Gold Dust by Reavis Z. Wortham: A review
This book was a heady mix of cattle rustlers, murderers, grave robbers, CIA turncoats, and rural crime families, and all of it is centered in the little northeast Texas community of Center Springs. We experience it all mostly through the characters of teenage cousins Top Parker and Pepper Parker.
Top lives with his grandparents. His grandfather is the local constable, Ned Parker, who is charged with keeping the community safe and keeping the kids on an even keel. He's a man who has lived a lot of years and has garnered a lot of common sense along the way. His wife doesn't get as much ink in these stories, but of course, it is she who is the glue that holds everything together.
The plot this time involves government experimentation with a biological agent that is alleged to be benign but may not be. When a crop duster sprays the stuff over the area and Top comes in contact with it, the boy, who already suffers from asthma, lands in the hospital fighting for his life. His grandfather seeks answers for what has happened to Top and ends up heading to Washington, D.C. to find those answers.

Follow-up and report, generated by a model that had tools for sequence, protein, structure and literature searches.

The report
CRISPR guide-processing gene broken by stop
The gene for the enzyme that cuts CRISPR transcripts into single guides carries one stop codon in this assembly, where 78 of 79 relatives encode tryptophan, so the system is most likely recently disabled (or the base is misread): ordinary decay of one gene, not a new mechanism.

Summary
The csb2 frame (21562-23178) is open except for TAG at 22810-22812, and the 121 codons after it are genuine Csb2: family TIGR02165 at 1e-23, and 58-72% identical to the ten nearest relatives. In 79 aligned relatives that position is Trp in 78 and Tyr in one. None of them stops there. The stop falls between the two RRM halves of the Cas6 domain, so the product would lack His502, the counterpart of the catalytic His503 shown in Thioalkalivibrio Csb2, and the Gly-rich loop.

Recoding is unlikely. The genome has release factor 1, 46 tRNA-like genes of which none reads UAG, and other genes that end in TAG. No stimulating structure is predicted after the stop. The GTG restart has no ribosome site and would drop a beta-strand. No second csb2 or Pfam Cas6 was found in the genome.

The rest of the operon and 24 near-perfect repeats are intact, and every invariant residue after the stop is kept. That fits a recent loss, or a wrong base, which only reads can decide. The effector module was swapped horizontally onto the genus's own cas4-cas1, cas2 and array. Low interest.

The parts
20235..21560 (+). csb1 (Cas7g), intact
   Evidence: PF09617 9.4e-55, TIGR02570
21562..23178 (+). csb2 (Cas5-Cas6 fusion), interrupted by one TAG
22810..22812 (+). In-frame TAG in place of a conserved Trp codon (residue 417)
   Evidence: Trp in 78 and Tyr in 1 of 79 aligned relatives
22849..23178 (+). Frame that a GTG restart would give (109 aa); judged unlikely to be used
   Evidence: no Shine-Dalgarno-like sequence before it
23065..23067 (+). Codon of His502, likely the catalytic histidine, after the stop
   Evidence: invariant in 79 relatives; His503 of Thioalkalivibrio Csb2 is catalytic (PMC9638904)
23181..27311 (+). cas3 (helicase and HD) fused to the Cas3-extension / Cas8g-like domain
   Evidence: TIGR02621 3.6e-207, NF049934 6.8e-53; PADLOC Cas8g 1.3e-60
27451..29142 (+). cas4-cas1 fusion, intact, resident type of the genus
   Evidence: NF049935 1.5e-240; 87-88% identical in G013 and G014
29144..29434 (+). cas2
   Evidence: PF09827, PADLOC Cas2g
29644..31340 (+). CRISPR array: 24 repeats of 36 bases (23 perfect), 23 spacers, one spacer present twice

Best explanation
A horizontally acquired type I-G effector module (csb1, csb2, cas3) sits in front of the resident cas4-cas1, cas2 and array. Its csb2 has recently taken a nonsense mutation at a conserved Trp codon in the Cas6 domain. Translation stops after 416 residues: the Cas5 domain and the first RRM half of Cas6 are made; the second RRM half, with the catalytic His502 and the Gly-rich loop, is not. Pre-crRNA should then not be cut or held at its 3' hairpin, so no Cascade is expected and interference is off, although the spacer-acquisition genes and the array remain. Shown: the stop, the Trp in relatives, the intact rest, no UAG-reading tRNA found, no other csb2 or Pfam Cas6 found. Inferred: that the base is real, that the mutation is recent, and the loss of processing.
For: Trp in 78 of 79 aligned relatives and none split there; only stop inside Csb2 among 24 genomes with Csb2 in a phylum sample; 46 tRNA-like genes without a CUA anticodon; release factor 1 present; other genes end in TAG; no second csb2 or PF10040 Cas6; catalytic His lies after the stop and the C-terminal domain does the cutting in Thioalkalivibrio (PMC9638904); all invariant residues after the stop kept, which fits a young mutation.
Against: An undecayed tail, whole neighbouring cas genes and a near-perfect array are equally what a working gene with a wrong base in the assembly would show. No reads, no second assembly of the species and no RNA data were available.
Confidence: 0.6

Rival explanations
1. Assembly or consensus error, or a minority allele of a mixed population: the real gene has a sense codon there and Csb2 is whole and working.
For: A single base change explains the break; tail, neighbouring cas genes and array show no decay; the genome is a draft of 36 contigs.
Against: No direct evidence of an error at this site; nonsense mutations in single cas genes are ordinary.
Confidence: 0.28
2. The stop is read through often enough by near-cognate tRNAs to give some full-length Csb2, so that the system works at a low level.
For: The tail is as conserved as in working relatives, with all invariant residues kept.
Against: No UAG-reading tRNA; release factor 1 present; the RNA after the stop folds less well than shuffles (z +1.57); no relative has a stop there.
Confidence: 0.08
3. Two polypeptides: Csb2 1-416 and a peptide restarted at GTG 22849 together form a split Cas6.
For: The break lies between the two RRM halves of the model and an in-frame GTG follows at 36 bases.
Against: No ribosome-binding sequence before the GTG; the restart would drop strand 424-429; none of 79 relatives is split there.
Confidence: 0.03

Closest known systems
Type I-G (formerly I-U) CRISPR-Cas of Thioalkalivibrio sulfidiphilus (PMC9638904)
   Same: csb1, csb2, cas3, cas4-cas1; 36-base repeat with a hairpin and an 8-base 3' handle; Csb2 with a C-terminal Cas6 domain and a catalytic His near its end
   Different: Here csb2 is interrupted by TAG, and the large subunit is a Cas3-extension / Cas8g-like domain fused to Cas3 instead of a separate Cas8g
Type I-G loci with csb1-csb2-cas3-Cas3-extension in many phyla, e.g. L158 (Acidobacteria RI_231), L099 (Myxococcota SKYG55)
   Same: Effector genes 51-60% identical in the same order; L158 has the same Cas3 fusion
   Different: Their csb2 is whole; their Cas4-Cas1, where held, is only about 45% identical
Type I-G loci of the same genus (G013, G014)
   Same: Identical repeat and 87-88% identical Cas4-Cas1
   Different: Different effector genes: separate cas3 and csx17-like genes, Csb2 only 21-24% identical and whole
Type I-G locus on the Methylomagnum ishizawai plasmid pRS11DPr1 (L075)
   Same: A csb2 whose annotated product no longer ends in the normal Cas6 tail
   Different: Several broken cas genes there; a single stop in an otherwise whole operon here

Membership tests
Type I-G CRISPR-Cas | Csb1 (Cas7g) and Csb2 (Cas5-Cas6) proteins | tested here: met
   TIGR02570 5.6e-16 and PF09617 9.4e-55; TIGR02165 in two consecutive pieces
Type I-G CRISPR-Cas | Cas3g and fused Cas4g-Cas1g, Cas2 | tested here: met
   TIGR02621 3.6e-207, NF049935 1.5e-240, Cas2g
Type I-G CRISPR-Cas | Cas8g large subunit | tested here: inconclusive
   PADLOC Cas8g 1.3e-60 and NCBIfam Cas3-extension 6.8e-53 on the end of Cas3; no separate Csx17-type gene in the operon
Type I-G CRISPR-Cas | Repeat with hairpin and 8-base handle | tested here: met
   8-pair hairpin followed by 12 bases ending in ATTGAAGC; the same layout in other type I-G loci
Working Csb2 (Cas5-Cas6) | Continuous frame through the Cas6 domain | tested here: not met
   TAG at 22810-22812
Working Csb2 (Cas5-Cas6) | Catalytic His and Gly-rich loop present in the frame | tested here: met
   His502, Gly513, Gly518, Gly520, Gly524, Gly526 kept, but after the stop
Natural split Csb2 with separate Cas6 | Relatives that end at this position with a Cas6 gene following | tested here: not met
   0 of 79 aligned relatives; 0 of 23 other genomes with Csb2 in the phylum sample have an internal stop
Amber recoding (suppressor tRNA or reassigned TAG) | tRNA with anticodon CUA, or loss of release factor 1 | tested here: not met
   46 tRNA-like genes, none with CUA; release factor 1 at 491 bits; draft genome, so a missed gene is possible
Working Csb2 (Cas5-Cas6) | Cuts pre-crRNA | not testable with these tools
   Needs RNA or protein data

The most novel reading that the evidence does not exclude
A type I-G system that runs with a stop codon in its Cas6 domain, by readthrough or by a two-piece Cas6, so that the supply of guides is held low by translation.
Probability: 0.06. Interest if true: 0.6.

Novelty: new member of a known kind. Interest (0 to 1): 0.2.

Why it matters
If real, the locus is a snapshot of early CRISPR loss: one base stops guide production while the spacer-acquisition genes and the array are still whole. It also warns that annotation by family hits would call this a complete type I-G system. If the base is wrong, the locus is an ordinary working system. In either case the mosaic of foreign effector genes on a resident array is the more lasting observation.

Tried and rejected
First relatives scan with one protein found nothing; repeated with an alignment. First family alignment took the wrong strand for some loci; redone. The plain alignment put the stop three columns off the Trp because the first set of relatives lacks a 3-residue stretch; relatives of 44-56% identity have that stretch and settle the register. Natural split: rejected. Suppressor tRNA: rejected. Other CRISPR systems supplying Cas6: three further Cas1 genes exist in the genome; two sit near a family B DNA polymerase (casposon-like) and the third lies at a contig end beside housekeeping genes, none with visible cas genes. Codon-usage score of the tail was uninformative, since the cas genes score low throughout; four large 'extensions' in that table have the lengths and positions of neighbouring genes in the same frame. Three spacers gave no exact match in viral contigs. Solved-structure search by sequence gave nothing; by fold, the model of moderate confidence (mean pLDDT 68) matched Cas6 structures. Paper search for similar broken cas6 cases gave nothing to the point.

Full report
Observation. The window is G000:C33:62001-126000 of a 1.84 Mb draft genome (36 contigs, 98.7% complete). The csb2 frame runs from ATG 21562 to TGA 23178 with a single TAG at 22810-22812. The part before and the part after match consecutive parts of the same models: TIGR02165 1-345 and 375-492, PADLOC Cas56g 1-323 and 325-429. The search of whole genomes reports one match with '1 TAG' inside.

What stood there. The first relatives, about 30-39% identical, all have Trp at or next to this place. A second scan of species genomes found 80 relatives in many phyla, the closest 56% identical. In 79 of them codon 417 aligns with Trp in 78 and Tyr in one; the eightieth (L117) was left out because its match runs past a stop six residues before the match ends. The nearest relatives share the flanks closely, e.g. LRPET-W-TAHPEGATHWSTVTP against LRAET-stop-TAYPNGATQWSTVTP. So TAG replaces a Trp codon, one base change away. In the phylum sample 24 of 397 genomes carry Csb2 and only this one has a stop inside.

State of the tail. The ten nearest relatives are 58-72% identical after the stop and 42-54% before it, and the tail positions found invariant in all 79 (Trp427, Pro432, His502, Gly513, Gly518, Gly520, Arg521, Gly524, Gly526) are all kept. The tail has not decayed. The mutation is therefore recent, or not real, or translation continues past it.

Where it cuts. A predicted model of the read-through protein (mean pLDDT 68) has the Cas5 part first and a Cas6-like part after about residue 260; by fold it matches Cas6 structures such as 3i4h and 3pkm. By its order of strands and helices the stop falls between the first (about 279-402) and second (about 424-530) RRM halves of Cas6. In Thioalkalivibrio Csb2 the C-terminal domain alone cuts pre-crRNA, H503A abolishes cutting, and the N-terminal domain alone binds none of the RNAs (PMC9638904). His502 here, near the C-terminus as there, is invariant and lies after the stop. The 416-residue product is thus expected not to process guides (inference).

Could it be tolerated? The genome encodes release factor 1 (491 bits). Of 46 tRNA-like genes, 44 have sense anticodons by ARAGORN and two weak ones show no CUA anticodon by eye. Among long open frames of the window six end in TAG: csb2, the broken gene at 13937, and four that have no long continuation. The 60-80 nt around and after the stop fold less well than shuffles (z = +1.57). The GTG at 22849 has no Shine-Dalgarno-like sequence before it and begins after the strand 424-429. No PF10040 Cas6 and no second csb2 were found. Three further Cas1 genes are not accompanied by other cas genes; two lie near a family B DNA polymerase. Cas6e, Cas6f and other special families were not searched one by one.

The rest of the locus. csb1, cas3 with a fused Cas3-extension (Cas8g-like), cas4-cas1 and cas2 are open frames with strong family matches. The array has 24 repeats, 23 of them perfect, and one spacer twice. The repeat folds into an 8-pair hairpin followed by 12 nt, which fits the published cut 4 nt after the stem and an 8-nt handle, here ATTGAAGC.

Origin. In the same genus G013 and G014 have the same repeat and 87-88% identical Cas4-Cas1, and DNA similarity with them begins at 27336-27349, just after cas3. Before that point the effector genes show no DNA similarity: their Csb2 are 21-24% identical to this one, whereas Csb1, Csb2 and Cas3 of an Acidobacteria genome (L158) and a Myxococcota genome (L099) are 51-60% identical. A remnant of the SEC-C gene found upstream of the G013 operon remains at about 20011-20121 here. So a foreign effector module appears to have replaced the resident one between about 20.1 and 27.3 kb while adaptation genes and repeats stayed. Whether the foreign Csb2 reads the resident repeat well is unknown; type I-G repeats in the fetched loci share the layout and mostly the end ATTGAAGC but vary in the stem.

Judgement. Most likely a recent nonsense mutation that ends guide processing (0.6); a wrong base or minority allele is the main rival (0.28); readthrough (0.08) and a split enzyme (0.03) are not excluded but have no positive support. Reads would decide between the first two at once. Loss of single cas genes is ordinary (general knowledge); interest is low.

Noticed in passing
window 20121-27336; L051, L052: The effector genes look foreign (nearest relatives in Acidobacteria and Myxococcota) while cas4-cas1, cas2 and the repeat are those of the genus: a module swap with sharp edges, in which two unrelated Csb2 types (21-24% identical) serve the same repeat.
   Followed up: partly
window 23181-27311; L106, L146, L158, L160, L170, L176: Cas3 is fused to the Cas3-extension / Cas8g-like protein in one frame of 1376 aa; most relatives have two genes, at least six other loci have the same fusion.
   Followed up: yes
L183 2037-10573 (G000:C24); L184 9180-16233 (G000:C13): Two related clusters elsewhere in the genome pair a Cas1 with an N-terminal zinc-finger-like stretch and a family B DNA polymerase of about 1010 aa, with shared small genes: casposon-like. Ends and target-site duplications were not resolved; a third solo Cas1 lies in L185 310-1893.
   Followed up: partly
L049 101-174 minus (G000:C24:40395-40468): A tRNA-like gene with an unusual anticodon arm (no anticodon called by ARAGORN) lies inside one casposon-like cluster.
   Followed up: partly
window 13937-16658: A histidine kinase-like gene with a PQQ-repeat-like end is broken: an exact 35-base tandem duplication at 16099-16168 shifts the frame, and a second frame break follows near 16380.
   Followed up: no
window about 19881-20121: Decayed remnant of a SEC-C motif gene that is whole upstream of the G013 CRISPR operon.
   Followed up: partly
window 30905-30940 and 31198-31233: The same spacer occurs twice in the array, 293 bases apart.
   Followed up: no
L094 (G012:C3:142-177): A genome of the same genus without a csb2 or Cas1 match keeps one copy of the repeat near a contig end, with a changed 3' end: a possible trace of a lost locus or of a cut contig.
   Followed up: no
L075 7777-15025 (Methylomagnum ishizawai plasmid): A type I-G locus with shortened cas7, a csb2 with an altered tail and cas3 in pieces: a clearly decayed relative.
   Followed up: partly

There is a subplot here involving Pepper who found a mysterious gold coin and spreads some wild story about it which generates a "gold rush" in the area as strangers rush in to try to discover the cache of gold. Pepper is a headstrong girl and though she can be pretty annoying at times, I admit I quite like her.
This tale is set in the late 1960s and I felt that Reavis Wortham pretty well nailed the ambiance of the period in that part of the world. The dialogue among his characters and his descriptions of those characters seemed spot on. I recognized several of them among people I had known in East Texas during the'70s.
This is actually the seventh book in this Red River mystery series. I used to be a stickler for reading a series in order but I've given up on that - life is just too short. I have found, however, that most writers of series do a reasonably good job in each new entry of cluing the reader in on all the necessary background and that is the case with Wortham. I had read only one other book in the series (Unraveled which I read earlier this summer) but I still felt comfortable with what I knew about the recurring characters and their relationships. I may eventually go back and read some of the earlier ones whenever I feel the need for an undemanding comfort read.